Take some time off

This doesn’t look fun to me but, if it looks fun to you, do it for a while. If it doesn’t, is there something else you haven’t been doing as much of as you’d like?

Many of us have wrapped up our racing seasons some time in the last month or so. Those of us who haven’t likely will be in the next month or so.

So the logical question to ask at this point is – what next? What do we do between now and spring?

While I would strongly encourage that you take advantage of the winter to build a solid base in order to make your spring goals more attainable, that’s not what I would recommend immediately after your last race of the year.

Continue reading “Take some time off”

Know your danger zones

Stress in your life outside running will affect your running

We all have them. Certain times when stress is higher, the schedule is busier, maybe things are so hectic that even your sleep suffers.

Maybe you have a deadline you need to meet at work. Maybe something is going on at home or in your extended family. During the holidays, there are simply so many things going on that we can feel overwhelmed.

When these things happen, what do you do with your running? Do you back off or “just plow through”?

Continue reading “Know your danger zones”

Can you talk yourself into better performance?

An interesting question to think about: can changing your self-talk actually help you run better? I’m sure many of us just answered “yes”. If you have negative self-talk, that’s not going to help you run faster. Positive self-talk will, though.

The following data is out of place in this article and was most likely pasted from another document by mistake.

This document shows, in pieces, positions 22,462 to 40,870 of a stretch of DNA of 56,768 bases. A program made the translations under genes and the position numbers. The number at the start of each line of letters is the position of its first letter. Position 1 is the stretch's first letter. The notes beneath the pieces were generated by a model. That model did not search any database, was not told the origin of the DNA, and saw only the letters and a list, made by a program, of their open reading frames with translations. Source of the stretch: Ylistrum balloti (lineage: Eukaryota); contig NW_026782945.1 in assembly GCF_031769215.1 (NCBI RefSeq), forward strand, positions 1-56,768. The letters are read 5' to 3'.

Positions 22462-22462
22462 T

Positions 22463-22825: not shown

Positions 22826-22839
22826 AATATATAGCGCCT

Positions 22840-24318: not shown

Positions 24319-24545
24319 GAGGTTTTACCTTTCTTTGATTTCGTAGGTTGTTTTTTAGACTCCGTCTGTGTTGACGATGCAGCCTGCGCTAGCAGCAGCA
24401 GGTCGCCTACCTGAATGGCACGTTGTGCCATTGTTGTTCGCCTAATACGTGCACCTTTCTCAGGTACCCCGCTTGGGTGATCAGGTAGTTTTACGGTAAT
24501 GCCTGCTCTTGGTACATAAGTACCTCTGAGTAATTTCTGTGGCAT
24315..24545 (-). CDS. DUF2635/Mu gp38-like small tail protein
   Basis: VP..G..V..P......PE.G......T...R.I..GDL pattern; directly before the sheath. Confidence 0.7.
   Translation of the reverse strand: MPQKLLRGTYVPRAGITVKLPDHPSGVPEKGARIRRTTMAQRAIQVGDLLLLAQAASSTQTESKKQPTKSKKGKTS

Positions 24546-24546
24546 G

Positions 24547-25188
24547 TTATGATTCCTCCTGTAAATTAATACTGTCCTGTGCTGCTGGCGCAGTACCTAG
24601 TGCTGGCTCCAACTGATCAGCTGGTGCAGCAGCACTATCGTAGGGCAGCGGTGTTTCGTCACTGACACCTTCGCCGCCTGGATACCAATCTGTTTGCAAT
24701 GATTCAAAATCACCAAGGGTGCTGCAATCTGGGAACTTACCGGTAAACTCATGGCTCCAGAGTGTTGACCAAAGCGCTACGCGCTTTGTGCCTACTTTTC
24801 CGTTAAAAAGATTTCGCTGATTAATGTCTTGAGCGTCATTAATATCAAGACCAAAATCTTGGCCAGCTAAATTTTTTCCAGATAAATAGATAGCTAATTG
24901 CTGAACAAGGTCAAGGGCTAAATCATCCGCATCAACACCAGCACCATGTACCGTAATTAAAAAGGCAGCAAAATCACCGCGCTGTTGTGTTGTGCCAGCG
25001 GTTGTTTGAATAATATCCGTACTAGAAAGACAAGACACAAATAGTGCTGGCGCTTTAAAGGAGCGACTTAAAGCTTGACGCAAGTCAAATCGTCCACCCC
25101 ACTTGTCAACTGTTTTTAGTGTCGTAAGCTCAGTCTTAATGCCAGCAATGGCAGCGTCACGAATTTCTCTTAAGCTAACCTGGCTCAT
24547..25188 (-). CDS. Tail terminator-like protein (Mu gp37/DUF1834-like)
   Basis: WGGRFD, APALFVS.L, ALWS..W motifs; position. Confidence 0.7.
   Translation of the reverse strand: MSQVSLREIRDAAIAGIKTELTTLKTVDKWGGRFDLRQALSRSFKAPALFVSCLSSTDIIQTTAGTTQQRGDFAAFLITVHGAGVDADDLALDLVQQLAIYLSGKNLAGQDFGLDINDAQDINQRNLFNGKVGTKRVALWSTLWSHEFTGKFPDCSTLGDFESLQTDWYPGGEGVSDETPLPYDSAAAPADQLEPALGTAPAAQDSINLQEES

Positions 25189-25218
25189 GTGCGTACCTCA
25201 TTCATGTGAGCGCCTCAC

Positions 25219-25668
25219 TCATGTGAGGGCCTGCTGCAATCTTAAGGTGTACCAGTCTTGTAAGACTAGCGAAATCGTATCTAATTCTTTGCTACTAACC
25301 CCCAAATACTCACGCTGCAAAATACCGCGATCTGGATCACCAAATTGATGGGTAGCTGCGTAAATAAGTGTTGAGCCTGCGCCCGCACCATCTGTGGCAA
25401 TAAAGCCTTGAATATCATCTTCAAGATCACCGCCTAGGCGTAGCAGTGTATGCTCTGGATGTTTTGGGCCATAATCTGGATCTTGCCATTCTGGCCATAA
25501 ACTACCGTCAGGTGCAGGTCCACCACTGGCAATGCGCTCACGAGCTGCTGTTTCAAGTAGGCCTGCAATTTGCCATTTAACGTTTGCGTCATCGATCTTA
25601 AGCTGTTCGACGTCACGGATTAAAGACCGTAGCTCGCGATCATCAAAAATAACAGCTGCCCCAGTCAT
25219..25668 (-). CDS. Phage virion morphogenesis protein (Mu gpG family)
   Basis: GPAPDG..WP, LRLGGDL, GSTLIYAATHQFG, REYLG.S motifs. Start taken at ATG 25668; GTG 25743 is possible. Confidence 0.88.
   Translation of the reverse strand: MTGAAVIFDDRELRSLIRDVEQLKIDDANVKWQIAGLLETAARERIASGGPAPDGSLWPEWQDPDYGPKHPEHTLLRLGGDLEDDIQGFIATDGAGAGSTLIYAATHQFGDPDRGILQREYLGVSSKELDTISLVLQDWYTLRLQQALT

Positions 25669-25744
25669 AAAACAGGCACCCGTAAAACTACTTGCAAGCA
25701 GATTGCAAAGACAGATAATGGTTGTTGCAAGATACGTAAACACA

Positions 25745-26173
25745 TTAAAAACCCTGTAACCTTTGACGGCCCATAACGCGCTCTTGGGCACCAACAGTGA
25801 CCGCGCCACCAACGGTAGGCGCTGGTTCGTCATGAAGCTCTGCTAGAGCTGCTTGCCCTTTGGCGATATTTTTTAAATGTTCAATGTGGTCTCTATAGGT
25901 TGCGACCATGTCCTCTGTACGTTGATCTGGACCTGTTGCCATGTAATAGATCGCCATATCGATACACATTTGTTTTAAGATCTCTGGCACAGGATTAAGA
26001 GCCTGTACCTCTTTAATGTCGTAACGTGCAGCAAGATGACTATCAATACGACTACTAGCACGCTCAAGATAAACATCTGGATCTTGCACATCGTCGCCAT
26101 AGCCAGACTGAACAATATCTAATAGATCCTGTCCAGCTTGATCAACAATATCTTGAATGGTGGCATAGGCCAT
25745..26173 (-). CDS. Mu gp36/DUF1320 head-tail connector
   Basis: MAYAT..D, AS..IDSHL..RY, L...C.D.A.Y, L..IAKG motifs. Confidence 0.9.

What about more subtle differences? Can slight changes in how you think of things during races help you? As it turns out, they can.

When you refer to yourself in the second person (“You can do it” instead of “I can do it”) you actually do perform better.

Also of note is that more positive references were used in the study. “You/I have to do it” was replaced with “You/I can do it” for example. While it doesn’t seem like this was addressed as part of the test, I have a suspicion this would also make a difference.

This is just one small study but it’s worth trying.

Continue reading “Can you talk yourself into better performance?”

Learn from your mistakes

We all make mistakes at times, what we do with them is what matters

In May, I made a mistake in training. I knew better but thought the “rules” didn’t apply to me. I then made another mistake in June and repeated it in July.

These mistakes cost me but they also taught (or re-taught) me some important lessons.

What lessons did I learn? For now, they don’t matter. I’ll write about them next week. For now, the important lesson is something else.

Continue reading “Learn from your mistakes”